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Gaff Point Trail & Hirtle Beach

I was researching for a coastal hike, I stumbled upon this place called Gaff Point. There was some recent trail building work and a surge from hiking & outdoor groups were planning outings. This sudden interest deserved a more detailed visit with my hiking buddy – Keji the Black Lab.

Take a Right at Lunenburg to Gaff Point

Getting there was fairly easy, just head for UNESCO old town of Lunenburg, but hang a right and continue along route 332, a few kilometers past another place of interest: Ovens Natural Park.With no signage, you needed to take one last right turn onto Hirtle Beach Road to the trailhead. It was easy to get off-course and along a narrow dirt road before realizing that using a cell phone GPS in this area was difficult since reception was spotty at best. However once back on track, we arrived at the larger than expected parking lot.

Before actually hitting the trail, we had to walk along Hirtle Beach. I stepped out of the car and suddenly got hit by the cold Atlantic Ocean breeze. Holy smokes! The temperature dropped almost 10 degrees. I reached into my pack and pulled out the light jacket I brought. The weather forecast was clear and sunny. My hiking buddy was having a blast in the cool air and sandy beach. We got to the beach early enough so that we were only 4 people in the area and all had their dogs in tow.

One thing that was well planned was arriving during low-tide; the 2km walk to the trailhead was along the sandy beach instead of the rocks further in shore. We were entering the 124 acres area known as Gaff Point. The Natural Conservancy of Canada and Kingburg Coastal Conservancy look over this point where it acts as a link between two protected habitats. Once we finally got onto the trail, you could see the work that the volunteers have done over the years. The first portion of the hike was up through mostly Black Spruce forest. Along the way we noticed evidence of deer & rabbit. We didn’t see anything from the Canis family on this trip.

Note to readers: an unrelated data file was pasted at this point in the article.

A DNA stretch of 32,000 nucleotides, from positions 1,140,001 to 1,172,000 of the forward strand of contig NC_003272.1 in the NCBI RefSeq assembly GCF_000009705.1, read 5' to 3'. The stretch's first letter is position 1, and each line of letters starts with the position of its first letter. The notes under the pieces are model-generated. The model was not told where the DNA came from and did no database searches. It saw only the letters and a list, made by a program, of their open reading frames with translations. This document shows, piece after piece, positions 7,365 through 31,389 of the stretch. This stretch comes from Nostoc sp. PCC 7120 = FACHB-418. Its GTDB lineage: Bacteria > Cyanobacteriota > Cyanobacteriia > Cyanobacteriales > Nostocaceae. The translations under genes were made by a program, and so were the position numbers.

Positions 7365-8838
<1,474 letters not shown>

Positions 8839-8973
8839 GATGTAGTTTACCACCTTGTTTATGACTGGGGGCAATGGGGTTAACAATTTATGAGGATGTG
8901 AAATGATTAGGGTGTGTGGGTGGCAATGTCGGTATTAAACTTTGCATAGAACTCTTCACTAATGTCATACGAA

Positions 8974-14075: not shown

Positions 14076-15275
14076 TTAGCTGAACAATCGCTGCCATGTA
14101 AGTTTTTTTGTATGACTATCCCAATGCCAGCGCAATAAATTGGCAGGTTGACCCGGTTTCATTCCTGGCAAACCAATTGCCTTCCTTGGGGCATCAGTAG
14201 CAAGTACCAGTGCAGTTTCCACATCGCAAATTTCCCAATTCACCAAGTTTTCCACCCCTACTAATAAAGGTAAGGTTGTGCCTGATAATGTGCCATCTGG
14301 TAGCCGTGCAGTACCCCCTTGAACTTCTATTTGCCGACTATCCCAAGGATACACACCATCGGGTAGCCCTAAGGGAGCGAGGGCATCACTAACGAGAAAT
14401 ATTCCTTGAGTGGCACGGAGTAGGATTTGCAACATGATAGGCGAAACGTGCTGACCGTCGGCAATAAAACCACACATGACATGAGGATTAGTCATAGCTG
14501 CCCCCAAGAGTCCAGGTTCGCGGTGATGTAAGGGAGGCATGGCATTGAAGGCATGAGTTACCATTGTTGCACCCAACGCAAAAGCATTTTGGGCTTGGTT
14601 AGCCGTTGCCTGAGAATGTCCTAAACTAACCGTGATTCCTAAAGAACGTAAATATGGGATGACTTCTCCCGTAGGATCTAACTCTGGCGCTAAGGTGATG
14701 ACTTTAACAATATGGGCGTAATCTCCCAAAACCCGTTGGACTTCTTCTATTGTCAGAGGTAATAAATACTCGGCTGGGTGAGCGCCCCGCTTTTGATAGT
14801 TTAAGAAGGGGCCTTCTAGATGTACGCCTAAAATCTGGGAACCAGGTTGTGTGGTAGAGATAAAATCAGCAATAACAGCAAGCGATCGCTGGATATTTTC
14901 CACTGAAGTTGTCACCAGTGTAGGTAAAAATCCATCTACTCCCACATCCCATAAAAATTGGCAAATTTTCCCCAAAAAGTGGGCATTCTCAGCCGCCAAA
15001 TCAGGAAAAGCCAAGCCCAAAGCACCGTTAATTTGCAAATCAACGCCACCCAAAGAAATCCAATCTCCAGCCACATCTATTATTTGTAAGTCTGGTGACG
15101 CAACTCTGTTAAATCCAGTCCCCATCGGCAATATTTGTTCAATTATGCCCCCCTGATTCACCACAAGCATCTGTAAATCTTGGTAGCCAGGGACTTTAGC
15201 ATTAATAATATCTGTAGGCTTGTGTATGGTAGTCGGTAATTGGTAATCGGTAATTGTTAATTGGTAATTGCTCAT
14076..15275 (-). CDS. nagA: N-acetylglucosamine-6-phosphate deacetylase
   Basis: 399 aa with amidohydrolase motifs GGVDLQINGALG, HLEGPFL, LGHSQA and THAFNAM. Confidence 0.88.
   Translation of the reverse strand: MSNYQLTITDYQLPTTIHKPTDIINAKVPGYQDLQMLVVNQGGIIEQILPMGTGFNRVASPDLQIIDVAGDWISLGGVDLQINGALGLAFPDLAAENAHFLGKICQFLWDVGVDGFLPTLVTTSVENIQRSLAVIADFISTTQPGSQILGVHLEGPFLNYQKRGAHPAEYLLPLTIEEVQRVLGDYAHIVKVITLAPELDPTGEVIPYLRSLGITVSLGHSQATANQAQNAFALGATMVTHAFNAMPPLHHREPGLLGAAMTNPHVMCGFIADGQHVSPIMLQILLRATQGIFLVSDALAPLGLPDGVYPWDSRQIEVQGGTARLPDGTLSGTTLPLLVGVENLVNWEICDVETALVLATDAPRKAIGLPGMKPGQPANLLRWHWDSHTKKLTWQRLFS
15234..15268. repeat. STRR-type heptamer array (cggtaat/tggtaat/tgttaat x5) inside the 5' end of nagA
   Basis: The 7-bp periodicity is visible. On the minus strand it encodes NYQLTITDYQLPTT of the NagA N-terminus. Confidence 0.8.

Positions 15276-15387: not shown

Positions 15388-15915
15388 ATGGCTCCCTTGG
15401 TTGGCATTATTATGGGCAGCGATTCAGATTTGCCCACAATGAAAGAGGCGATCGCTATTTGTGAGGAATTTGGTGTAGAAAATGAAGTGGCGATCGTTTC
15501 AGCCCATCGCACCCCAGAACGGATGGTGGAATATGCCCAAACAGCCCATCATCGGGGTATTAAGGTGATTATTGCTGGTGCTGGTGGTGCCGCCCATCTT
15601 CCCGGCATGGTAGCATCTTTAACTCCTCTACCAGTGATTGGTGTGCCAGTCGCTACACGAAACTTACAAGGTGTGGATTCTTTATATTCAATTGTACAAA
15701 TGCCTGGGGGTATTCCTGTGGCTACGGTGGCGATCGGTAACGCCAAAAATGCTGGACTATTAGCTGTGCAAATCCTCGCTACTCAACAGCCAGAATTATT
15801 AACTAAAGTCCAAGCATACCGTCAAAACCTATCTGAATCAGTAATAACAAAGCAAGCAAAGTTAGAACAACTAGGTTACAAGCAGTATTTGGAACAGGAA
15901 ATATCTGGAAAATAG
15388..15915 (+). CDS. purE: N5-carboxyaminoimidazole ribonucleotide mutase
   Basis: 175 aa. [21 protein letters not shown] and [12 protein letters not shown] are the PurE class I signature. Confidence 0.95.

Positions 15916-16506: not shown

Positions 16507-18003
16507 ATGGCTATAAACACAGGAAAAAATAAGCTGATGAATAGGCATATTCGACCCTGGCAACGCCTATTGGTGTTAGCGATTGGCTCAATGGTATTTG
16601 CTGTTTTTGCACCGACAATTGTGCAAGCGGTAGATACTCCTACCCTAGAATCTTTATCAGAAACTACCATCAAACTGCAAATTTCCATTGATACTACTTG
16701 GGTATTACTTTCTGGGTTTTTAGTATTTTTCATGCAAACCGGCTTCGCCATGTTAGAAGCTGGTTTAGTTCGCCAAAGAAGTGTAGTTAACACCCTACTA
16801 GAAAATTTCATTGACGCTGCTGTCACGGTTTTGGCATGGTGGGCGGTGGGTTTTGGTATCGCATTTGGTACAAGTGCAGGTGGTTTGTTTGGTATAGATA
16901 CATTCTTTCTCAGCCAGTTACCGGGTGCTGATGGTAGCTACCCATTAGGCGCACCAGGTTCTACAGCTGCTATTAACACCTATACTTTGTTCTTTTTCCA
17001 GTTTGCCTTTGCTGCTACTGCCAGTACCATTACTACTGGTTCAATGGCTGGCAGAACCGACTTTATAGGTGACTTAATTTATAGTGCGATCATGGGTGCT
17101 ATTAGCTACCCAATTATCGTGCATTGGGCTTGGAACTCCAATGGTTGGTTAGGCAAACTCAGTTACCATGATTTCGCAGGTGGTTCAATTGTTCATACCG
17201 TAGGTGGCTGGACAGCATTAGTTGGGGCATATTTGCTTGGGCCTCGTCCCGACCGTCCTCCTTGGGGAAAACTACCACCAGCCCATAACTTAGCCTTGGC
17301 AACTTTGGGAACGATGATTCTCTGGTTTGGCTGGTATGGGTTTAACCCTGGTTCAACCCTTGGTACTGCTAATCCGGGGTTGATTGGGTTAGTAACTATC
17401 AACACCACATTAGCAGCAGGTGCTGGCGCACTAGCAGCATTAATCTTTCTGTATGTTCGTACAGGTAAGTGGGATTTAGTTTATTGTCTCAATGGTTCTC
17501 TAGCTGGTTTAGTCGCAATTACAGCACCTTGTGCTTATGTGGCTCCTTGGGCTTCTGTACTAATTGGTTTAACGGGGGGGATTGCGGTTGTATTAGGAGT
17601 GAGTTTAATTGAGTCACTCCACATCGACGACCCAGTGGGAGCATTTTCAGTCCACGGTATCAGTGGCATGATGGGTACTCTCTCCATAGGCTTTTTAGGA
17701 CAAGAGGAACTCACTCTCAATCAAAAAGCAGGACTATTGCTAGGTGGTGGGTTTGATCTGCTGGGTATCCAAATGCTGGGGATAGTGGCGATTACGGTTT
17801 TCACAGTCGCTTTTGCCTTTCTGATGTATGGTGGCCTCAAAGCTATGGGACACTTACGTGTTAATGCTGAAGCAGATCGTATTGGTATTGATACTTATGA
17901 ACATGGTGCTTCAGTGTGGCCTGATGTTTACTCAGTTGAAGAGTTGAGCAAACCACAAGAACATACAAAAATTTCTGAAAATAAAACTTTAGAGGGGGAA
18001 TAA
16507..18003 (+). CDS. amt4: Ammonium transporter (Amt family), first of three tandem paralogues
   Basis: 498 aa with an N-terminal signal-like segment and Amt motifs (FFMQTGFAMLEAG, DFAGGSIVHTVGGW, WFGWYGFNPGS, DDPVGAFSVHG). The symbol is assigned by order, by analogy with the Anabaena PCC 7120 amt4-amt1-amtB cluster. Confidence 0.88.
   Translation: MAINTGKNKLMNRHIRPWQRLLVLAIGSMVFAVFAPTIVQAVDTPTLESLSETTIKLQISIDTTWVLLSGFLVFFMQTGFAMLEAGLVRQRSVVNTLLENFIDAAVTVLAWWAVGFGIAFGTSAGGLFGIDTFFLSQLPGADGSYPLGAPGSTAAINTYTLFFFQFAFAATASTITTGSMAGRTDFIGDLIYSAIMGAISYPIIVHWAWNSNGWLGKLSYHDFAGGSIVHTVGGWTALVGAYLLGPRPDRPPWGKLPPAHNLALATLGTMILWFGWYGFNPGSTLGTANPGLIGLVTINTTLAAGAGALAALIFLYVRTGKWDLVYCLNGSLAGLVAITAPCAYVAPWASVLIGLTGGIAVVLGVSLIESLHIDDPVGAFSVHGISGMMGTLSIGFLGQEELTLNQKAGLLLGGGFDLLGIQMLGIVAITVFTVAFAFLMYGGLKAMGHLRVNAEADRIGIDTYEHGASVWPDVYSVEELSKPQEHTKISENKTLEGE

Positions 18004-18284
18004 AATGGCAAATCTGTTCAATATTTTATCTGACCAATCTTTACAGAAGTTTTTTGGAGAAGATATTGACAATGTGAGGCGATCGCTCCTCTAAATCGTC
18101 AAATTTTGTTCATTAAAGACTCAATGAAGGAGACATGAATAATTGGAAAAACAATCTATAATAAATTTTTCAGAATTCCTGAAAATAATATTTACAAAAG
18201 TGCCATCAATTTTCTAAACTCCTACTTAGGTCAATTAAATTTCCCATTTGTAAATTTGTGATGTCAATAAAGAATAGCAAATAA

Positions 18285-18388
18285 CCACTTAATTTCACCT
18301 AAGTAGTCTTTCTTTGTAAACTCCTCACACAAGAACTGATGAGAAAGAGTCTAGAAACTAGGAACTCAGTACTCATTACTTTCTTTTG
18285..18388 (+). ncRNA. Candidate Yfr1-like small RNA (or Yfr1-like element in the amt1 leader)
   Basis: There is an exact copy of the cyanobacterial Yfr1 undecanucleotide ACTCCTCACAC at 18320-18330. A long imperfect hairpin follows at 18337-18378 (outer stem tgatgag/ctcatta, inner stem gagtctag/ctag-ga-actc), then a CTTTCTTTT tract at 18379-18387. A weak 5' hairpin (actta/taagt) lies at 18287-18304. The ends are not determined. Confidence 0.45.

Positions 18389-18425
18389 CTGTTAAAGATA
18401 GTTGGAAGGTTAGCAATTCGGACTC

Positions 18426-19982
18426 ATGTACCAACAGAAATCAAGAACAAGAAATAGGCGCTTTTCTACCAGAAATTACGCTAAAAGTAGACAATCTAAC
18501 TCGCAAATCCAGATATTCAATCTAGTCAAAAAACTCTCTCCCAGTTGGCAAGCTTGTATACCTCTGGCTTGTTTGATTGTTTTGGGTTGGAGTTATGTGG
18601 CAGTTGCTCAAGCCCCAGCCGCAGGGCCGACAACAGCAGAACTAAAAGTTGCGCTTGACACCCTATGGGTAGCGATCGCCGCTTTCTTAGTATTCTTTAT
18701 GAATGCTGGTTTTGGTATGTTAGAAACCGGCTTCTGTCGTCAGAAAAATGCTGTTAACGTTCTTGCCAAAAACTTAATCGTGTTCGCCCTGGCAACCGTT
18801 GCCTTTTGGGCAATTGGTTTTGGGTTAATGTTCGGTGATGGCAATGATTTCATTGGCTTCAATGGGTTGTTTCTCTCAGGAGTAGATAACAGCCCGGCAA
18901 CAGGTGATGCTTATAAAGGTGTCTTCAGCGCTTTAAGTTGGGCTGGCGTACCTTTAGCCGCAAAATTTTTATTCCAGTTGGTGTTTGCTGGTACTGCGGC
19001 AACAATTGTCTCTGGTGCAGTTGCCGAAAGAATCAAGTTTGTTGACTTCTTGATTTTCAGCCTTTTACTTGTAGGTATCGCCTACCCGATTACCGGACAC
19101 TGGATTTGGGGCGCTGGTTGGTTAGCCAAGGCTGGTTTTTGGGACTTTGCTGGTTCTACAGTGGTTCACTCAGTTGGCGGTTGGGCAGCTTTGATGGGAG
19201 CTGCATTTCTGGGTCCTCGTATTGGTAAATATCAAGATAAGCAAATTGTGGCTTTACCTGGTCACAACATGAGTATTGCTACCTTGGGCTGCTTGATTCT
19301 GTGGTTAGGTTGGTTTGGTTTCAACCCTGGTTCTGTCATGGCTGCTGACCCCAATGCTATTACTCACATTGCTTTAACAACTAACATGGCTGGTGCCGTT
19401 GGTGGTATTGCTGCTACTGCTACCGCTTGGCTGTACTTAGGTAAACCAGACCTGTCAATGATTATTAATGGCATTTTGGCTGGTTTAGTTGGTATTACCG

Intermixed with the spruce forests, we would pass berry shrubs and barrens until we started getting close to the edge and finally getting a good look at the Bedrock cliffs. At this point, my hiking buddy was leashed to make sure he stayed on-trail. We went around the point clockwise, so a good portion of the hike was along the bedrock exposures. We took a moment to enjoy the fantastic views of the glacial till as we rounded the point. From here, we saw the more recent trail work keeping us dry as we cross the last few boggy sections.

Not much of a view along the Sand Cove section of trail. We were hungry, so we stopped and had a little snack. We didn’t hear much of anything other than the odd crack of branches on this quiet portion of trail. In the direction of one of the cracks, a deer was sprinting across the trail from us. Guess we were not alone after all hiking buddy.

It was three hours later until we reached the car. By this time, the beach parking lot was full and a lot of people were enjoying the scenery. Our GPS said we traveled 7kms along the rustic & backcountry style trails that day. This area was offered a perfect beach & hiking combo.

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